Photo from the St. Petersburg Times
John A. Ditullio has been tanken into custody on charges unrelated to the stabbings of Patricia Wells and Kristofer Guy King. Ditullio is pictured at the Orlando rally held a few weeks ago by the National Socialist Movement. Apparently, there has been an ongoing feud between Patricia Wells and the neo-Nazi's who hang out at Ditullio's trailer in New Port Richey, Florida.
Ms. Wells claims that it was one of those Nazi's who stabbed her and a 17-year-old friend of her son even though the perpetrator was wearing a gas mask. Wells and Kristofer King, who remains in critical condition, were both stabbed multiple times. Wells believes that the crime took place because of the neo-Nazi's anger over the fact that she is dating an African-American man. Here is the story:
TO ORIGINAL ARTICLE
Pasco man taken into custody after stabbings
Published March 23, 2006
NEW PORT RICHEY - The man who stabbed Patricia Wells in the face and hands early Thursday wore a gas mask, but she thinks she knows who did it - one of the neo-Nazis next door.
And the white, 45-year-old housekeeper says she knows why: because she dates a black man.
"I know who it was," she told a throng of reporters gathered at the scene Thursday, a long gash on her face and bandages on both hands. "I don't believe there's anyone else it could have been."
More than 13 hours after the masked man stabbed Wells and a 17-year-old family friend, a Pasco sheriff's SWAT team took a 20-year-old man into custody from a neighboring mobile home, where four swastikas and a Confederate flag flew out front. Sheriff's deputies described the single-wide home at 9321 Teak St. as a neo-Nazi hangout.
John A. Ditullio, 20, offered no resistance but had three guns and several knives nearby when SWAT officers entered the home, Pasco sheriff's spokesman Doug Tobin said.
Late Thursday, detective arrested Ditullio on unrelated charges of aggravated domestic battery, witness tampering and assault. Details on those charges were not available. He had not been charged in Thursday's attack as of 9 p.m., Tobin said.
Ditullio smiled as he was led to a patrol car Thursday afternoon.
"Some of the evidence we collected at the (stabbing) scene did lead up to the trailer where we served the search warrant this afternoon," Tobin said. "Fortunately, it ended peacefully."
Wells was released from the hospital Thursday. The other victim, 17-year-old Kristofer Guy King of Hudson, remained in critical condition late Thursday, Tobin said. King is a friend of Wells' 18-year-old son, who was not home at the time of the attack.
Tobin said it will be up to prosecutors to decide if the attack is a hate crime.
Authorities said the masked man knocked on Wells' door at 9325 Teak St. about 12:30 a.m. and moments later began stabbing her.
"I didn't know at that time what to do, if I should lie down and play dead or if I should get up and run," Wells told reporters. "My instincts told me if I had laid down and tried to play dead he definitely would have killed me.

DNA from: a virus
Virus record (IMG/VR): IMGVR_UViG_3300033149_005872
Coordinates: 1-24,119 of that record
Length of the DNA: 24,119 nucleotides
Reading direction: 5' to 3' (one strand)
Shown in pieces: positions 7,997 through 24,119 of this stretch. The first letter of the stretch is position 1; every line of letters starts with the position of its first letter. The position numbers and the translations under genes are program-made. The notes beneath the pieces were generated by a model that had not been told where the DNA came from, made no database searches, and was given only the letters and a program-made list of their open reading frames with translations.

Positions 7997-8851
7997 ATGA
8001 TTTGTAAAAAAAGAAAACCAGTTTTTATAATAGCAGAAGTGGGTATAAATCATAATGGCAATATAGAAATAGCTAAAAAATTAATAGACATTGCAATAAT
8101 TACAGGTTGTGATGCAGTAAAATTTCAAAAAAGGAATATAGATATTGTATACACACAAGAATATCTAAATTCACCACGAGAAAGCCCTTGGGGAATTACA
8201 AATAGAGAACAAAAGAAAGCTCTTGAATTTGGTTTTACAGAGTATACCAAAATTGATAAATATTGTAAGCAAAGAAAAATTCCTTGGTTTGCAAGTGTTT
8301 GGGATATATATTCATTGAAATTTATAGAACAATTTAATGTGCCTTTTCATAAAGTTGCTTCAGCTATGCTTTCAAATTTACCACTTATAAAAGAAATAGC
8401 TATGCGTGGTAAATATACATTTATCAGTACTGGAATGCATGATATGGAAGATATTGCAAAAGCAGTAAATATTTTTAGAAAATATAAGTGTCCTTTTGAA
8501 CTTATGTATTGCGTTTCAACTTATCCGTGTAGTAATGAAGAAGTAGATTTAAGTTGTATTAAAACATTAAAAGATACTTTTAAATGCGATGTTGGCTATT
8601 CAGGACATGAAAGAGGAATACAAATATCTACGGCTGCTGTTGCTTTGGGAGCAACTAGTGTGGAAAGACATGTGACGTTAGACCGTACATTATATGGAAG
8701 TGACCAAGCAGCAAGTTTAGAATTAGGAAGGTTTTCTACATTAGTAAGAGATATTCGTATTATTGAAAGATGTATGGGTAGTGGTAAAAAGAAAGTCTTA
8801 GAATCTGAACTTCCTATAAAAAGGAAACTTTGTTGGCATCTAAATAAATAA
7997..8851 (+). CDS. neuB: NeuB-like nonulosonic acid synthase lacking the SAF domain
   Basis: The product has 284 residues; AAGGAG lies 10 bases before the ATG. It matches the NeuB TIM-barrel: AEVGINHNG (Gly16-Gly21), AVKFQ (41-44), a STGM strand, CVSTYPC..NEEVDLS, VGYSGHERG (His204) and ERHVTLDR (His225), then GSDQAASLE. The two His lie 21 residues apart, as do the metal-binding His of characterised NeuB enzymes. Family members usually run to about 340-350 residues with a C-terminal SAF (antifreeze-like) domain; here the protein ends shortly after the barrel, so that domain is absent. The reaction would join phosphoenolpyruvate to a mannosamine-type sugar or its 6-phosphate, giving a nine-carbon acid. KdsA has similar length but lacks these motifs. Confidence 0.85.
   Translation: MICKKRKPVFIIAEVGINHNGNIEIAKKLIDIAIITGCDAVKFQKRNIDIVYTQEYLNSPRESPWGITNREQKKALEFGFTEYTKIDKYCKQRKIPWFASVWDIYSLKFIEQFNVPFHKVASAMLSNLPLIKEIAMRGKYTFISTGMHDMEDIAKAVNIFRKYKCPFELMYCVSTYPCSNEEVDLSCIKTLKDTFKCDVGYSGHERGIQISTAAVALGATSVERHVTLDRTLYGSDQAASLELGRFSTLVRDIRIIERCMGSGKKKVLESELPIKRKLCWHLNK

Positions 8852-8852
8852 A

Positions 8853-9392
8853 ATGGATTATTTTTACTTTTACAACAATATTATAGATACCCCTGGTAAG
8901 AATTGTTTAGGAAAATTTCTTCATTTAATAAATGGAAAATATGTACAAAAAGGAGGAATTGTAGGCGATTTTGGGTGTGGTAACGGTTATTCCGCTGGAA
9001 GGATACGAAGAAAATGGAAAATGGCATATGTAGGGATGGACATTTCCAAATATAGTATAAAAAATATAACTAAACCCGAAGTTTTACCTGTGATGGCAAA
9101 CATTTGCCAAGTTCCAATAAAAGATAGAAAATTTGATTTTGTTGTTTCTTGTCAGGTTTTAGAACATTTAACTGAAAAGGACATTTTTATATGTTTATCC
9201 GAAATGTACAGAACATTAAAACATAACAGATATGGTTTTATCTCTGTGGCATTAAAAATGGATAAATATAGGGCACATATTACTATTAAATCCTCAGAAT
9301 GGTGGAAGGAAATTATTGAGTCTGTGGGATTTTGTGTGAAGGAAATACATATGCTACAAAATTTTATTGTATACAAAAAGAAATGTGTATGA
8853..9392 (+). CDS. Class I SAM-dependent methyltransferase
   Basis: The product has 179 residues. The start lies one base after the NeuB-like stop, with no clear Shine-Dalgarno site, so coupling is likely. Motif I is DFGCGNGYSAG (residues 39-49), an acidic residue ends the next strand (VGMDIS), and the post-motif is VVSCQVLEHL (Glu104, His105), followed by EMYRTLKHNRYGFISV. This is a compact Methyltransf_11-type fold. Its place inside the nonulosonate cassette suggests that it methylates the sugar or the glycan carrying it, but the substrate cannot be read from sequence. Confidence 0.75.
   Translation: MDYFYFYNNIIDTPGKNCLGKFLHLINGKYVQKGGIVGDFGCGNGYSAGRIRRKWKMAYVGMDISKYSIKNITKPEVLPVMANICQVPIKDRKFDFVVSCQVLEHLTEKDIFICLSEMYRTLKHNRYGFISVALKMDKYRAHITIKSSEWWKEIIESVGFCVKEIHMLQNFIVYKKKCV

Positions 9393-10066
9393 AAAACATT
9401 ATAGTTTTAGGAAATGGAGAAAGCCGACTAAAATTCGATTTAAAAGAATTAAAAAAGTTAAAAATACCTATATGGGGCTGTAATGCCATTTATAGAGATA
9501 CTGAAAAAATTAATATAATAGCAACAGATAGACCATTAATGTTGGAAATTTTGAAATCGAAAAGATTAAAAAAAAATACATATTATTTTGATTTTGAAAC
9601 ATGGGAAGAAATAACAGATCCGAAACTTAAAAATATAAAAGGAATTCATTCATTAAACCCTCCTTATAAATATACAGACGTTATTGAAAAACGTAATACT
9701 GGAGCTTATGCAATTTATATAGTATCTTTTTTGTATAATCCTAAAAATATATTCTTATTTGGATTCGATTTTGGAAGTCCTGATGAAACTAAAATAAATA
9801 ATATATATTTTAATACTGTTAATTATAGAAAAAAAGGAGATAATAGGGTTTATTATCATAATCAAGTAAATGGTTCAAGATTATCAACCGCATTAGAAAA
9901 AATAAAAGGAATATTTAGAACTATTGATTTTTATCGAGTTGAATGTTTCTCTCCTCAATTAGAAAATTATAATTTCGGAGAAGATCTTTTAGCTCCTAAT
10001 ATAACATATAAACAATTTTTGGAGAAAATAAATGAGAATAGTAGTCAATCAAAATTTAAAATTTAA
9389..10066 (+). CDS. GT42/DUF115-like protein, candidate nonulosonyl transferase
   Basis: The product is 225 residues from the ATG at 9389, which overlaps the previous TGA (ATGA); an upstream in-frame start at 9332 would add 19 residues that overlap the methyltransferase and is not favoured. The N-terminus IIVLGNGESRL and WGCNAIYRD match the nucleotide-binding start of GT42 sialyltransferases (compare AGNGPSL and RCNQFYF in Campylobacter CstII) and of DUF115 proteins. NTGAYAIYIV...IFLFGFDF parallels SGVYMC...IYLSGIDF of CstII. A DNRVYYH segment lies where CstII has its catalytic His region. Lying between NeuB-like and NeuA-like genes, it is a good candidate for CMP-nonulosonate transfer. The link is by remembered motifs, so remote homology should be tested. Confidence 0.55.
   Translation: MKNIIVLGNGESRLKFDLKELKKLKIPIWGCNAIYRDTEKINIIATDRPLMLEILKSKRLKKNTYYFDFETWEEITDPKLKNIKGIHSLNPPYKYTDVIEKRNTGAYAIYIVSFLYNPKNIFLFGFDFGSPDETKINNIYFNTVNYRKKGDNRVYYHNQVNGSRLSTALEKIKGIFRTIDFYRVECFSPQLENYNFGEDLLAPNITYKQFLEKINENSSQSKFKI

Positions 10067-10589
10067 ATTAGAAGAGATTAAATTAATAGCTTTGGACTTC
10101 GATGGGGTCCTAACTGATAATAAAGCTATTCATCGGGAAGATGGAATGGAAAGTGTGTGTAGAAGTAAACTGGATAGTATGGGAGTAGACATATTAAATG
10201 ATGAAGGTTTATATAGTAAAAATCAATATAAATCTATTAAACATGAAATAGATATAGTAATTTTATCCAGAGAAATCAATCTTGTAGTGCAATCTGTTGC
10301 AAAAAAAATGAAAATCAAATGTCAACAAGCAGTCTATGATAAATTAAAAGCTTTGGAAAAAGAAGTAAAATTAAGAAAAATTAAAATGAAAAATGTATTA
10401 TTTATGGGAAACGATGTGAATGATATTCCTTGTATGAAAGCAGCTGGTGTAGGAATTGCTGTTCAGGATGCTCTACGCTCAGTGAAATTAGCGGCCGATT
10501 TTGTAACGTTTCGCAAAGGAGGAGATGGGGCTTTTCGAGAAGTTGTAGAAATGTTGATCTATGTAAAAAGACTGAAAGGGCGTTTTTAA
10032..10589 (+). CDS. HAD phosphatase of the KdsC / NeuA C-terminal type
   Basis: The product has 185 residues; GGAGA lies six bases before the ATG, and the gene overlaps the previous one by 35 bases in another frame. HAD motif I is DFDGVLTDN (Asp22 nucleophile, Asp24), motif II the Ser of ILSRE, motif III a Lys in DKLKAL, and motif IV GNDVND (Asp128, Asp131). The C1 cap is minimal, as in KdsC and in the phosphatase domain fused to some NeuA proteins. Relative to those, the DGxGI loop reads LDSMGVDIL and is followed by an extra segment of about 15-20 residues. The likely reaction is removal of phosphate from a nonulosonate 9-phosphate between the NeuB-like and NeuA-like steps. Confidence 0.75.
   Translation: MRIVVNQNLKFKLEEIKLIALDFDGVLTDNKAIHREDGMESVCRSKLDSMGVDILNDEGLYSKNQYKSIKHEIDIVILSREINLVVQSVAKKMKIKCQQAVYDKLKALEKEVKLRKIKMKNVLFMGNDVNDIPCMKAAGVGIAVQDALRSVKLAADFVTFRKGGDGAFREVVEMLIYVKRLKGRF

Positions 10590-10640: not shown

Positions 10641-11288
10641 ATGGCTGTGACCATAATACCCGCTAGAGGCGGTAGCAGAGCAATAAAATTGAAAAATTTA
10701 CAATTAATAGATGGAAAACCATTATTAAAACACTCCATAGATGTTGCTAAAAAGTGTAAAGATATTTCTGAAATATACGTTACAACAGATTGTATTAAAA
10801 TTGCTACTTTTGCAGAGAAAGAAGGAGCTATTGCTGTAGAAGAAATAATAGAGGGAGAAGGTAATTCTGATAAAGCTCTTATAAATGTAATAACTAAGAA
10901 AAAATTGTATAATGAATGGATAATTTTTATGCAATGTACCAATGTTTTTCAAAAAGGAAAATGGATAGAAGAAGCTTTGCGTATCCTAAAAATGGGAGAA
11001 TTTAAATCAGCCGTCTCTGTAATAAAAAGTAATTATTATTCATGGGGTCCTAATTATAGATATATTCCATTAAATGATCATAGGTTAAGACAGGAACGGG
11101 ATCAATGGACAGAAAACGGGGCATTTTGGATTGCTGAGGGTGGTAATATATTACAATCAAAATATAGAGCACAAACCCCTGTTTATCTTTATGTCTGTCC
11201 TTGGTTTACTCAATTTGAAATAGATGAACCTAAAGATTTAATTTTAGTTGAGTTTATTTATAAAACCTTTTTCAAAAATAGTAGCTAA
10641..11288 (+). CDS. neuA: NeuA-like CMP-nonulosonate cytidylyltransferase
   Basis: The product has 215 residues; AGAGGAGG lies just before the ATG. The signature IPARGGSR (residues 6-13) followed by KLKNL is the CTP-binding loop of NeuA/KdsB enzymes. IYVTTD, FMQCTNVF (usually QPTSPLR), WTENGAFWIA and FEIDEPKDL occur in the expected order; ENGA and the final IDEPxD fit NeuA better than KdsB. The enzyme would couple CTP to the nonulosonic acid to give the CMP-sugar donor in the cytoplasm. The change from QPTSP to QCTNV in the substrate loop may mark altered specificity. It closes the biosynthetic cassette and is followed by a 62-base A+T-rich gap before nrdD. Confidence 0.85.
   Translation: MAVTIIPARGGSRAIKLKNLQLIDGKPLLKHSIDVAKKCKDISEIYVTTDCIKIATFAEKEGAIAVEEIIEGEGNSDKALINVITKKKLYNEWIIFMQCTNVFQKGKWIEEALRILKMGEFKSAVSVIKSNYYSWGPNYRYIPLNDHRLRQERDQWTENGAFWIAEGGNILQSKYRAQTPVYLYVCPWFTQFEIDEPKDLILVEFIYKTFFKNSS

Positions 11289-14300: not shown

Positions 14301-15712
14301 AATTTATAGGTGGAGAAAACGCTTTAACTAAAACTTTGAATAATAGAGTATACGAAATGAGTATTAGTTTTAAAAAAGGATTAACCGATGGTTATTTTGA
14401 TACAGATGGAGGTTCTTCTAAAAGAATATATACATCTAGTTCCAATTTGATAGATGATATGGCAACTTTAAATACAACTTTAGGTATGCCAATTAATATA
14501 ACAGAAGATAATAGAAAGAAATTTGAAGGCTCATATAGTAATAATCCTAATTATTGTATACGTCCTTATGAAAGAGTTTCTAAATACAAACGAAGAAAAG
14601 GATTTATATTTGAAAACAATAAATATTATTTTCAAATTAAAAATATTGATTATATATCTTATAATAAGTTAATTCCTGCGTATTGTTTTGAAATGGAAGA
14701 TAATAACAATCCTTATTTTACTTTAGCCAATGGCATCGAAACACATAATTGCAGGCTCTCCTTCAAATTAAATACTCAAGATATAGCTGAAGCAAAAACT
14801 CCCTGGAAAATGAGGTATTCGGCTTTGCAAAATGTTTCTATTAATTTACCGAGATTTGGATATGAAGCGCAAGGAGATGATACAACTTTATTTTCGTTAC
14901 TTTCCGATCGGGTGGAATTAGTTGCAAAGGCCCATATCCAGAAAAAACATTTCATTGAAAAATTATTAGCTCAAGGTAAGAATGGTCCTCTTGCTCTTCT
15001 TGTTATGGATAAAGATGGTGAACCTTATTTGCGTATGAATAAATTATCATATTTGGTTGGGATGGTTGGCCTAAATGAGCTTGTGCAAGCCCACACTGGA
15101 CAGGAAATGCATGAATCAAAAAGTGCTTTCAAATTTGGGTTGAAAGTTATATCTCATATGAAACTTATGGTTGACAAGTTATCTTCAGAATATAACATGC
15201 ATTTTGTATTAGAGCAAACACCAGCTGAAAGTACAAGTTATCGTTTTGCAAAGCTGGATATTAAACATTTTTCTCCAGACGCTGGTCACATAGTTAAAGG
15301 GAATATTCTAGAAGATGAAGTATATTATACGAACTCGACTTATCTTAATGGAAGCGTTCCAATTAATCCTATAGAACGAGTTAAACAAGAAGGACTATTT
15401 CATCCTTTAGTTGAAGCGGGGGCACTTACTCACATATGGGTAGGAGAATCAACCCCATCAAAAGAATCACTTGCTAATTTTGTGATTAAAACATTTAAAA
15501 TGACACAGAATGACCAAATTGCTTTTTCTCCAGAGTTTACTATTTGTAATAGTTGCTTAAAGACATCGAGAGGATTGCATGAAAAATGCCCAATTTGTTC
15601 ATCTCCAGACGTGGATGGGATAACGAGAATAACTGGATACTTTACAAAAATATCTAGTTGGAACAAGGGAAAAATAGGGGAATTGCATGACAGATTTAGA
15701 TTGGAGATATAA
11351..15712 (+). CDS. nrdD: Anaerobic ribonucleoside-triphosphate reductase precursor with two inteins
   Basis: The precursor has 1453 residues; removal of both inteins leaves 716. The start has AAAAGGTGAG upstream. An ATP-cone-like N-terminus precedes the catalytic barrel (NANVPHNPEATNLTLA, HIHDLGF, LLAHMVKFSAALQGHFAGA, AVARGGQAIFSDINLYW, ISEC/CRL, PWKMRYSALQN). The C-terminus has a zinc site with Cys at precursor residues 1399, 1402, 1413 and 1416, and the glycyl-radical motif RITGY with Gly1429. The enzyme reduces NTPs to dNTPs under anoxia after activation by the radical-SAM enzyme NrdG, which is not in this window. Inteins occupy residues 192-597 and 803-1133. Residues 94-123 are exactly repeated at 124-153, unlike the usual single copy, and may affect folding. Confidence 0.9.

"I was cornered between the futon and the dresser and he was stabbing me," she continued, "and he finished stabbing me and went after the boy."
Wells escaped and called for help.
The SWAT team arrived at 8:30 a.m. They obtained a search warrant but did not go into the mobile home next door until 1:45 p.m. About twelve blocks were cordoned off around the home during the standoff.
According to sheriff's reports, Wells and her neo-Nazi neighbors have been feuding since January.
Last week, both Wells and 34-year-old Christine Cristinzo, who lives next door, filed conflicting reports about men making threats with guns after trading words about Wells' black friend. Both reports were vague and no charges were filed.
On March 7, Wells told deputies several people next door yelled, "We're going to get you now. You're dead!" and smashed her front door with a chair. Her 18-year-old son said he heard a racial epithet.
"(Wells) advised she has had problems in the past with her next door neighbors due the to the fact she is dating an African-American male and the next door neighbors are neo-Nazis," a deputy wrote. He referred the case to detectives.
In January, Wells accused her neighbors of breaking several windows, but a deputy found insufficient evidence to file charges.
It is difficult to get a clear picture of how residents in Griffin Park feel about the neo-Nazis in their neighborhood. Several residents who were reluctant to give their names said the group frequently menaces the neighborhood with baseball bats.
Others shrugged off the swastikas.
"Hey, it's America. I don't agree with 'em, but I've seen worse," said Bo Coggins, who has lived in the neighborhood for 35 years. "I talked to them Nazis. They don't mess with nobody around here, to tell you the truth."
Times staff photographer Brenda Fitterer and Times researcher Lea Iadarola contributed to this report.